The original date for the launch was April, however Boeing has cited "tight scheduling" and conflicts with another launch as the reason for the spacecraft's delay.
“In order to avoid unnecessary schedule pressure, not interfere with a critical national security payload, and allow appropriate schedule margin to ensure the Boeing, United Launch Alliance and NASA teams are able to perform a successful first launch of Starliner, we made the most responsible decision available to us and will be ready for the next launch pad availability in August,” the company said in a statement provided to website SpaceNews.
The clash is with the Advanced Extremely High Frequency (AEHF) 5 military communications satellite, scheduled to launch in late June on another Atlas 5 from the same pad at Cape Canaveral, Florida.
The Starliner spacecraft is designed to accommodate up to seven passengers for missions to low-Earth orbit, or up to four NASA crew members to the ISS.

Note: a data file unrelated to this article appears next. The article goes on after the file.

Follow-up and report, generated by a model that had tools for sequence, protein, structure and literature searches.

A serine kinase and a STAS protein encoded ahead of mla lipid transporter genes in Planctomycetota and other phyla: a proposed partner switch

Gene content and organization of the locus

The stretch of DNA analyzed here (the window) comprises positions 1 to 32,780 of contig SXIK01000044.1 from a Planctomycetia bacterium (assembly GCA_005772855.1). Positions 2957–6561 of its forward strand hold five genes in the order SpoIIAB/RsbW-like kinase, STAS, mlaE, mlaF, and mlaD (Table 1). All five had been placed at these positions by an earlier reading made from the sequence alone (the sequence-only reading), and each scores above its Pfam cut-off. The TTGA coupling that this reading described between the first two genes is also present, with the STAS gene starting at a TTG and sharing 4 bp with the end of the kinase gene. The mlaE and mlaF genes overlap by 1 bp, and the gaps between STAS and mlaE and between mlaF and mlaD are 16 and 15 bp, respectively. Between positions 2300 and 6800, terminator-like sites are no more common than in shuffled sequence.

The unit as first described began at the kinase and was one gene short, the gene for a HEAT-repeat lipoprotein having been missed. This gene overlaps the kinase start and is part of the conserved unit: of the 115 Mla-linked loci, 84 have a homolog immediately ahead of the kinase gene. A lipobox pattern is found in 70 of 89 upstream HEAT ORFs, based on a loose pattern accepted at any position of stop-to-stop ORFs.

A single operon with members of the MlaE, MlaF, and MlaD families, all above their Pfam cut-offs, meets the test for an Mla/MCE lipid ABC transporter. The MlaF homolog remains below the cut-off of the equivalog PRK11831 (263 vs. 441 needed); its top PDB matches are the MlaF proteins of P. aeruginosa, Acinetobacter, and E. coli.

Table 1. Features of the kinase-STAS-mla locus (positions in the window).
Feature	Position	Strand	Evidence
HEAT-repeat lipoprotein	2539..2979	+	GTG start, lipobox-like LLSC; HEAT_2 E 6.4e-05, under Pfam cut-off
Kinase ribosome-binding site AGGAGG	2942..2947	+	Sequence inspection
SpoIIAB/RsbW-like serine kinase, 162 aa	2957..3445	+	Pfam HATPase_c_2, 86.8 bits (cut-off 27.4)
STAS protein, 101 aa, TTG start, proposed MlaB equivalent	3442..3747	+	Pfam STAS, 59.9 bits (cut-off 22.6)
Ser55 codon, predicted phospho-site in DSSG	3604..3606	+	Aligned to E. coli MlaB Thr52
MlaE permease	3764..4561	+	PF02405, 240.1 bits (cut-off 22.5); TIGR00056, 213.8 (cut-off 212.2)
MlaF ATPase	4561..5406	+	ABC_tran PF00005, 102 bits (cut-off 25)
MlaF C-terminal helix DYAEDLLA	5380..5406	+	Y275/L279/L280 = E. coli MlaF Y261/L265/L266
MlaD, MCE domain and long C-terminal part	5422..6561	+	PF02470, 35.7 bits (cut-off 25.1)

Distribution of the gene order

The spacecraft is reusable up to 10 times with a six-month turnaround time, and features an innovative, weldless design that "eliminates the structural risks of traditional welds, and it also reduces mass and production time".
Boeing signed a $4.2 billion contract with NASA in 2014 for the development of Starliner to reintroduce orbital human spaceflight capabilities to the US, after NASA retired its space shuttle fleet in 2011.
NASA has since depended on Russian rockets and spacecraft to taxi US astronauts to the ISS, which currently costs US$80 million per person.
In addition to the uncrewed and crewed flight test, NASA has ordered six Boeing crew rotation missions to the ISS aboard the Starliner, which will be Boeing's first commercial human spaceflight missions.
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